Changing the MUX disconnects the cap from the previous channel and re-routes the signal from the new channel to the cap.  If the MUX is changed immediately preceding the start of a new conversion, the cap will have only 1.5 ADC clock cycles to charge to the new channel's voltage.  If the voltage differential between the previous and new channels is high, and if the new channel's source impedance is high, the cap may not have enough time to settle to the new channels' voltage before the 'hold'.

"Experience is what enables you to recognise a mistake the second time you make it."

"Good judgement comes from experience.  Experience comes from bad judgement."

"Wisdom is always wont to arrive late, and to be a little approximate on first possession."

"When you hear hoofbeats, think horses, not unicorns."

"Fast.  Cheap.  Good.  Pick two."

"We see a lot of arses on handlebars around here." - [J Ekdahl]

 

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But the 10 bit conversion takes 10 clks, so the s&h is the 1.5 clks right after the start conversion? Adds up to 13 clks just like the ds says.

Imagecraft compiler user

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Well, there's 1.5 clocks not 'accounted' for, but the precise inner workings of the ADC module aren't published.  Call it 'housekeeping'.  Figure 0.5 clock between the 'hold' and the MSB, and 1 clock after the LSB to latch the SAR to ADCH:L.

"Experience is what enables you to recognise a mistake the second time you make it."

"Good judgement comes from experience.  Experience comes from bad judgement."

"Wisdom is always wont to arrive late, and to be a little approximate on first possession."

"When you hear hoofbeats, think horses, not unicorns."

"Fast.  Cheap.  Good.  Pick two."

"We see a lot of arses on handlebars around here." - [J Ekdahl]

 

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Some smart sparky could calc the s&h time by using a 100k pot as the source resistance and calculating the RC time const based on the voltage droop as the source R is increased. It makes my head hurt.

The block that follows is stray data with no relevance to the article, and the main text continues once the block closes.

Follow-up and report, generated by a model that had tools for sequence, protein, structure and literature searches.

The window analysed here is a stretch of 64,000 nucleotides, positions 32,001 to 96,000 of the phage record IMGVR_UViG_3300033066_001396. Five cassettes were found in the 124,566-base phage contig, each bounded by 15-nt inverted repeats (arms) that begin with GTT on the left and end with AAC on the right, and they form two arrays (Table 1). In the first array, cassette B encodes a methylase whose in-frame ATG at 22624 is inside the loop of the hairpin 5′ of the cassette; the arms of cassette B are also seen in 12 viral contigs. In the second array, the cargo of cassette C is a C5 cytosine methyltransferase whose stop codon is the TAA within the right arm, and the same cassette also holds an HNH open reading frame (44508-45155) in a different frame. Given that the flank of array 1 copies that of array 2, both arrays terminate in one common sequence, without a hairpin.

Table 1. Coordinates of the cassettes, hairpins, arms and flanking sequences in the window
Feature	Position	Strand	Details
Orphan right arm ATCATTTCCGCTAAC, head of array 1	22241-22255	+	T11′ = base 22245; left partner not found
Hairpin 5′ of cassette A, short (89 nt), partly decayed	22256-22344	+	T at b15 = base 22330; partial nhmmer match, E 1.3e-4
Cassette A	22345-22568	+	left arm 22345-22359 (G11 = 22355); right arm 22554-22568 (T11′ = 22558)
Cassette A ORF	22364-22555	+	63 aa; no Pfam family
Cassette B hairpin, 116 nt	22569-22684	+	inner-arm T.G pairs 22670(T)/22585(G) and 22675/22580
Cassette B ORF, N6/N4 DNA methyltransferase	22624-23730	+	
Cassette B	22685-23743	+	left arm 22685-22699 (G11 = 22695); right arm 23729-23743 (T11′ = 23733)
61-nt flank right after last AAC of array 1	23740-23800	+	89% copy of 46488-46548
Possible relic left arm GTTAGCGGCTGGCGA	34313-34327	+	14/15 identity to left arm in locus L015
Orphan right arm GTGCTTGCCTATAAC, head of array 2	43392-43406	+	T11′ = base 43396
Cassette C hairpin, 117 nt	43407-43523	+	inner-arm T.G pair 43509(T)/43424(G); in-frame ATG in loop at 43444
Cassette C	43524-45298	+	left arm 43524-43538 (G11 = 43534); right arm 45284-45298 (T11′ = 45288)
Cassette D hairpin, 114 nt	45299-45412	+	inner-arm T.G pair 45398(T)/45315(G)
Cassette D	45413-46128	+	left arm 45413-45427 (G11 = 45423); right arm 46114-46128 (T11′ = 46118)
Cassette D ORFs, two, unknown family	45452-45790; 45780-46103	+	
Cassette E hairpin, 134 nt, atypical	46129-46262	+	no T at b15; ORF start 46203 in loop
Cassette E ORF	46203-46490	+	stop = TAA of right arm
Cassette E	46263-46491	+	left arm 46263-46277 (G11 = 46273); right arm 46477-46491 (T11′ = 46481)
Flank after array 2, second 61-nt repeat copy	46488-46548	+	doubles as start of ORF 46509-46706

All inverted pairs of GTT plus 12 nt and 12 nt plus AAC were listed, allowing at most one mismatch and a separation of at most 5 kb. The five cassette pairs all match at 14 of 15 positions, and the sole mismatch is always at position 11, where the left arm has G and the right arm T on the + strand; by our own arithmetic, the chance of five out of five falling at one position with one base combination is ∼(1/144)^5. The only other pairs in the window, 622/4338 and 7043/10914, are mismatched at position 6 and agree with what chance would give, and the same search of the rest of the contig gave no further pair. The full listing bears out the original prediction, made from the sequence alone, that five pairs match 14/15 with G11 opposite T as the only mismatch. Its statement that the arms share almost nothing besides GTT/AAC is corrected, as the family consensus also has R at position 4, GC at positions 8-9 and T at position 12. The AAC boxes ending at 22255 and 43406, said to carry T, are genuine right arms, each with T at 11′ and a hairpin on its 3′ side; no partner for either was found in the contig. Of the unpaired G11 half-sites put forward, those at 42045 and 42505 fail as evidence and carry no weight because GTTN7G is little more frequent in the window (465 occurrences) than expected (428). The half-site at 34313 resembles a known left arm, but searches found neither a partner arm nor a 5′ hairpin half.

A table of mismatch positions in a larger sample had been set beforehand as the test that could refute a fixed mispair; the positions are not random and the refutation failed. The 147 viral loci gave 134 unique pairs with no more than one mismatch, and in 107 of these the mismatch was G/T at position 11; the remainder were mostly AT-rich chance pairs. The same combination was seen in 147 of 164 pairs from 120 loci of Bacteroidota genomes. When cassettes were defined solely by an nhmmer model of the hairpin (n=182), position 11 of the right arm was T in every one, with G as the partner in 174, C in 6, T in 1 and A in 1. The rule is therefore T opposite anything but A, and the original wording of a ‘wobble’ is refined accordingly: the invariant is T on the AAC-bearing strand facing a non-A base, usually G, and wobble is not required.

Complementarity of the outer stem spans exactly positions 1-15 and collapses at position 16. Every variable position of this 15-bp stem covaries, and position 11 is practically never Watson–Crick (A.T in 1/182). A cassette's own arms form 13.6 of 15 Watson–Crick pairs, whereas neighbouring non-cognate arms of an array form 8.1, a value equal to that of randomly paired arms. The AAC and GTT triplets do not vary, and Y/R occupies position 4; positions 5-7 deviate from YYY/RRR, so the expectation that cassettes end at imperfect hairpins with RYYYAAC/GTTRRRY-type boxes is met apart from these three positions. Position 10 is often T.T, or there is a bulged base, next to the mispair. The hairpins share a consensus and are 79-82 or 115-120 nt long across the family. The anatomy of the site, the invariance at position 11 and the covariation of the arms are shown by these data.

Imagecraft compiler user

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Thanks everyone for help.

I managed to stabilize readings by using 20us delay. Actually it starts to stabilize from 12us. I used 20us to be sure.

I'm using it only for low voltage input (LM35 temp sensor).

I changed also use of ADIF in code. ADIF is set to 1 when ADC is finished. Is't more Natural to set it back to 0, to reset it... I'm not sure here.

// Temperature values
  ADMUX |= (1<<MUX0); //  MUX0 -> 1, input ADC1 activ, LM25
  _delay_us(20); //delay for voltage stabilization after changing the input
  ADCSRA |= (1<<ADSC); // single ADC activated
  while ( !(ADCSRA & (1<<ADIF))); // waiting for ADIF -> 1, ADC finished, flag is set
  ADCSRA |= (1<<ADIF); // ADIF flag is cleared by writing 1 to it

I'm getting some annoing warnings (I have stdlib.h included).

 

implicit declaration of dunction sprintf [-Wimplicit-function-declaration]

and

incompatibile implicit declaration of built-in-function sprintf

 

What can be the problem.

 

 

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You MUST include < stdio.h> if you use any of the printf() family.

 

Your ADIF use should work ok.   I still reckon that ADSC is easier (and shorter).

 

David.

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Did one of these messages mention which avr? ref0,1 in a mega328 selects 1.1 volt ref. You mention 2.69V, so something isn't right yet. I can see a problem with your program if you change the avr to a mega 1280 with 16 a/d channels. You have the whole read a/d routine copied inline for each read. Back in '57 John W. Forrester at IBM invented the subroutine, so you could save memory by reusing the same code over and over with different parameters.